He formed an interdepartmental spectroscopy seminar in 1950 with Professors F. A. Jenkins from physics and J. Phillips from astronomy. This weekly seminar was well attended by students from these departments, and the first of his spectroscopic papers came from this collaboration. From 1950 to 1970 he published many papers on the analysis of the spectra produced by high-temperature gaseous molecules. Several of these papers described a molecular beam method for determining their ground electronic states. When low temperature matrix isolation was developed by George Pimentel here at Berkeley, Brewer produced many papers on the spectra of his high-temperature molecules in a frozen inert matrix. He also had a long-term interest in the electronic states of I2, and he had several papers on its remarkable complexities.
At the same time he continued his interests in materials and the application of thermodynamics. In 1961, he and Kenneth Pitzer revised the classic 1923 text, Thermodynamics, by Gilbert Newton Lewis and Merle Randall. He had a long-term interest in the teaching of chemistry, including general chemistry and most particularly thermodynamics. In 1960 a troublesome sore below his right eye was diagnosed as cancer. Some thought that he would not survive, but radical surgery, which removed part of his face and his eye, saved his life. He was convinced that the cancer resulted from wartime work with beryllium. Surprisingly, his productivity did not lag during this period.
From the Electrochemical Society, Brewer received both the Palladium Medal and the Henry B. Linford Award for Distinguished Teaching. The American Chemical Society gave him both the Leo Hendrik Baekeland and Coover Awards. He also received the Hume Rothery Award of the American Metallurgical Association, and the E. O. Lawrence Award of the Atomic Energy Commission. When he retired in 1989, he received the Berkeley Citation along with a symposium in his honor. He held lectureships at the Massachusetts Institute of Technology, University of Kansas, Oklahoma State University, Iowa State University and Pennsylvania State University, among others. He was the head of the Inorganic Materials Research Division of the Lawrence Berkeley National Laboratory from 1961 to 1975, and he directed the research of 40 Ph.D. students and nearly two dozen postdoctoral fellows. His work was presented in nearly 200 articles and scientific presentations.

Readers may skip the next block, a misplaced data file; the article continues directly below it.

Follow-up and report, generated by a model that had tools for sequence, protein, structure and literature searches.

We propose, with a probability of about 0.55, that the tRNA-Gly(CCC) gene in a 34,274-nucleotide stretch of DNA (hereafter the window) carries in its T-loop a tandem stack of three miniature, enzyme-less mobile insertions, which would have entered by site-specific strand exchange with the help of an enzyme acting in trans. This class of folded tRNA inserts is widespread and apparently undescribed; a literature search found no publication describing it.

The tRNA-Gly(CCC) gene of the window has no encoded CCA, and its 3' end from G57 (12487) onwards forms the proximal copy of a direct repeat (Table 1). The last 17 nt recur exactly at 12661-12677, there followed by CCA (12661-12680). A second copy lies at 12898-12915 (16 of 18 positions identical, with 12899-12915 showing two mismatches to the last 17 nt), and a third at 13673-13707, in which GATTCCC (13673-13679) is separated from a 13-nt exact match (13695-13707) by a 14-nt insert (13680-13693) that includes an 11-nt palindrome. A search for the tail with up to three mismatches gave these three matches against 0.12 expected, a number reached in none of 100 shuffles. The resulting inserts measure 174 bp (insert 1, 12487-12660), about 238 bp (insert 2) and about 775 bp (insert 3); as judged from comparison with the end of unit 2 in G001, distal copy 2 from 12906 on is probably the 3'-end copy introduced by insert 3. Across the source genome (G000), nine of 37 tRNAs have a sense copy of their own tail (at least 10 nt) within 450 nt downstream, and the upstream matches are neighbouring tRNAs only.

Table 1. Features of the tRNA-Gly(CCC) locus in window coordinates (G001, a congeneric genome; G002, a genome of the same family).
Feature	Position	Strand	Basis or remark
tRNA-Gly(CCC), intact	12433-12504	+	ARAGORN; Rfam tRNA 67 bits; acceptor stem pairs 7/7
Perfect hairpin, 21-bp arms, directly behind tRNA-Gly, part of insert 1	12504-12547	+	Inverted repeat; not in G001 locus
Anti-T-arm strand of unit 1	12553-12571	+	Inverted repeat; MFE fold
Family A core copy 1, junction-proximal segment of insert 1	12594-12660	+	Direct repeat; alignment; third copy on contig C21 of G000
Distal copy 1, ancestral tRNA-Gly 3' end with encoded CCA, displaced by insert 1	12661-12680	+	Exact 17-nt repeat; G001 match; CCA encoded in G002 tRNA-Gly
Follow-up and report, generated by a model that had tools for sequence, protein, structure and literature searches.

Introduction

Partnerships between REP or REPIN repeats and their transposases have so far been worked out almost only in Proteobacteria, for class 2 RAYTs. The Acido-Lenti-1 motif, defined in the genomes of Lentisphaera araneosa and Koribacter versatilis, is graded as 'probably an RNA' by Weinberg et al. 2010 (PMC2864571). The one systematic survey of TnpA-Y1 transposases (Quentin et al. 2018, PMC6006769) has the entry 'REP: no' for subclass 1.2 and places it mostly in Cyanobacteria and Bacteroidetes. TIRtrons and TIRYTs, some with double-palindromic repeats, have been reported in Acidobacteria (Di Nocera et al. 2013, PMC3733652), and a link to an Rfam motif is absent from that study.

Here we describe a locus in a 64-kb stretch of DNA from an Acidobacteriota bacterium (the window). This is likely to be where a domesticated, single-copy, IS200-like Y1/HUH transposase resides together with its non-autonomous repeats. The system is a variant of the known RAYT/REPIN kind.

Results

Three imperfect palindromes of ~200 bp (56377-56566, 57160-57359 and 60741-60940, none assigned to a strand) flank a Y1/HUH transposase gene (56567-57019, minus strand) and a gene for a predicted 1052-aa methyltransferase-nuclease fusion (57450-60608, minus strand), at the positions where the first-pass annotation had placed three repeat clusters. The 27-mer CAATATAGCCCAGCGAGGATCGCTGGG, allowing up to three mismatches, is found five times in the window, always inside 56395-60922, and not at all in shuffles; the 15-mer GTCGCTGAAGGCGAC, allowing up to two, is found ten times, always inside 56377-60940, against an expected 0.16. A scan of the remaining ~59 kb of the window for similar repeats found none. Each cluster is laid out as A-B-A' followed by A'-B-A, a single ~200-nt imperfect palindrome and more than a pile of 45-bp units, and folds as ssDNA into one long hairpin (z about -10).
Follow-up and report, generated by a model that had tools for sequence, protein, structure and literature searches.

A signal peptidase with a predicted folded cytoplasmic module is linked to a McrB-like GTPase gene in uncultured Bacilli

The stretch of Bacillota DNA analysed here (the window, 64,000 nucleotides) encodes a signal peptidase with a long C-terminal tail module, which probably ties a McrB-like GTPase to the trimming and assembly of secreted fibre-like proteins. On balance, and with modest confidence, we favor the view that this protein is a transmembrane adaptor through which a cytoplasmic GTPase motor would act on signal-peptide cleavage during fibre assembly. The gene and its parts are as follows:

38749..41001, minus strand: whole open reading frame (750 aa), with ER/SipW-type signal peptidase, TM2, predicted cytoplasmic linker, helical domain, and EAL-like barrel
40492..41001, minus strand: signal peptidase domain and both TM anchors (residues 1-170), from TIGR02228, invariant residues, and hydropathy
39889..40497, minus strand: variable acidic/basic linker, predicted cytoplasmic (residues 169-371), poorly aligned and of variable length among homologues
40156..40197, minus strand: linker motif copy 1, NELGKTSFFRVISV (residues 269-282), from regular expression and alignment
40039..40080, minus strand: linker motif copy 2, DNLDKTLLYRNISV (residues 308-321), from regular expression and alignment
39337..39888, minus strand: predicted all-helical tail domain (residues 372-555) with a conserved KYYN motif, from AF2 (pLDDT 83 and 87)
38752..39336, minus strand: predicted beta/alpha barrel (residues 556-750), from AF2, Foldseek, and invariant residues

Brewer in 1948.
The research that interested him most toward the end of his career was the bonding between different metals. He had an introduction to this field by a sabbatical visit to Berkeley by Niels Engel in the late 1940s. This Danish scientist had suggested a correlation between the number of conduction electrons and the crystal structure of the metals. Brewer extended this concept to include the nature of d and f electrons, and the concept of acid-base interactions. Starting investigations with undergraduate students, he tested these ideas by heating ZrC with the noble metal platinum, and found that the formation of ZrPt3 released a great deal of energy despite the great stability of ZrC. Over several years Brewer developed the Brewer-Engle theory for such bonds, and he published a number of papers about its application.
In 1945 he married Rose Sugo, who preceded him in death in 1989. They are survived by their three children, Beth Gaydos, Roger Brewer and Gail Brewer, and by six grandchildren.
Brewer had many outside interests. Right after the atomic bomb was dropped he helped form the Northern California Atomic Scientists. He had a longtime interest in California native plants, cultivating them around his home, and visiting native plant sites around California. A species of manzanita and at least three other California flowering plants are named after him.